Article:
Much of the political talk this past week has been of UKIP's ineptitude. The resignation that never was has now been followed by the sacking that never was, with Suzanne Evans unceremoniously dumped and inelegantly reinstated as a party spokesperson for the European separatists in the space of mere hours.
Ahmen's only offense is that she acted a bit carelessly in the quest to build her brand. The unforgiving coverage and backlash she's received since, I believe, has taken away from the real cause for concern here, which is news distributors and reporters believing that picking up tweets from journalists somehow absolves them from their own duty to double-check facts before running a story.
So I would say that Riotta's article attracted a large amount of attention not only because he brought the hot topic of relationships and romance into the less media-friendly (but nonetheless extremely important) topic of language-acquisition, but also because - very simply - there are a lot of bilinguals out there. And following on from Riotta's logic, a lot of good lovers.
Talk of the deficit is very much in vogue, and the opposition leaders are fighting like toddlers in a ball pit in an attempt to air their own plans to cut the country's deficit. Meanwhile, Dave and fellow toff George Osbourne look so chuffed about cutting the deficit by only taking money from people who were never going to vote for them in the first place, that they risk bursting into an unholy Eton mess.
The convergence of the UK party manifestos on religious freedom is a positive development for sure. But to translate this domestic political pressure into effective foreign policy, the government should fold religious freedom promotion into a broader strategy of understanding and engaging religion in international affairs.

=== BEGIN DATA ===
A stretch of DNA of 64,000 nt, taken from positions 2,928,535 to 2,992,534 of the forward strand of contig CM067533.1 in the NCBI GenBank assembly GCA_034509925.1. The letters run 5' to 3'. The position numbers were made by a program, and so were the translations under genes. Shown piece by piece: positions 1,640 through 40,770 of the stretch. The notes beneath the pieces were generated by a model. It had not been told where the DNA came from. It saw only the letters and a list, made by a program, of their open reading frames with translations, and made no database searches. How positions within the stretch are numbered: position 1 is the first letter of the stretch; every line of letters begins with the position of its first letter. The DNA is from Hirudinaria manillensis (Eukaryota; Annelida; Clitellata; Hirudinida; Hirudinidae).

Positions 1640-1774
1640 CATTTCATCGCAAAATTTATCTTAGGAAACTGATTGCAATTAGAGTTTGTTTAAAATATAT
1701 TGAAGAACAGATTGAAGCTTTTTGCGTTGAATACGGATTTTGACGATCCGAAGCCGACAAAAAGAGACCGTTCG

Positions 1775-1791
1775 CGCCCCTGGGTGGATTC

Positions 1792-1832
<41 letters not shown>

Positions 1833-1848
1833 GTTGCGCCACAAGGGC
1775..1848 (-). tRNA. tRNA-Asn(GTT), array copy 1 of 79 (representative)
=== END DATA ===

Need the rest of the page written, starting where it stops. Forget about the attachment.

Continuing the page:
I would like Labour to do more on the environment, and I would like it to become one of their top priorities, and let's be fair, at this election, so far it hasn't. But for this to happen, I believe we need to challenge the party from within, which is why I joined. The more members of the Labour party who care and challenge green issues, the more likely it is that it will become a core Labour policy.
This Tuesday millions around the world will stand to 'Remember the dead and fight for the living' at events, demonstrations and vigils held to mark International Workers' Memorial Day (IWMD). This annual commemoration for all those who have been killed, disabled, injured or made ill as a result of accidents at work or occupational disease...
Business may see some short term gain, but they could also endure long-term pain by exacerbating future talent shortages (which they are struggling with already) and diminishing the value of the British consumer base. The emergence of a poorly-skilled millennial generation will only serve to magnify the challenges we see in our society today.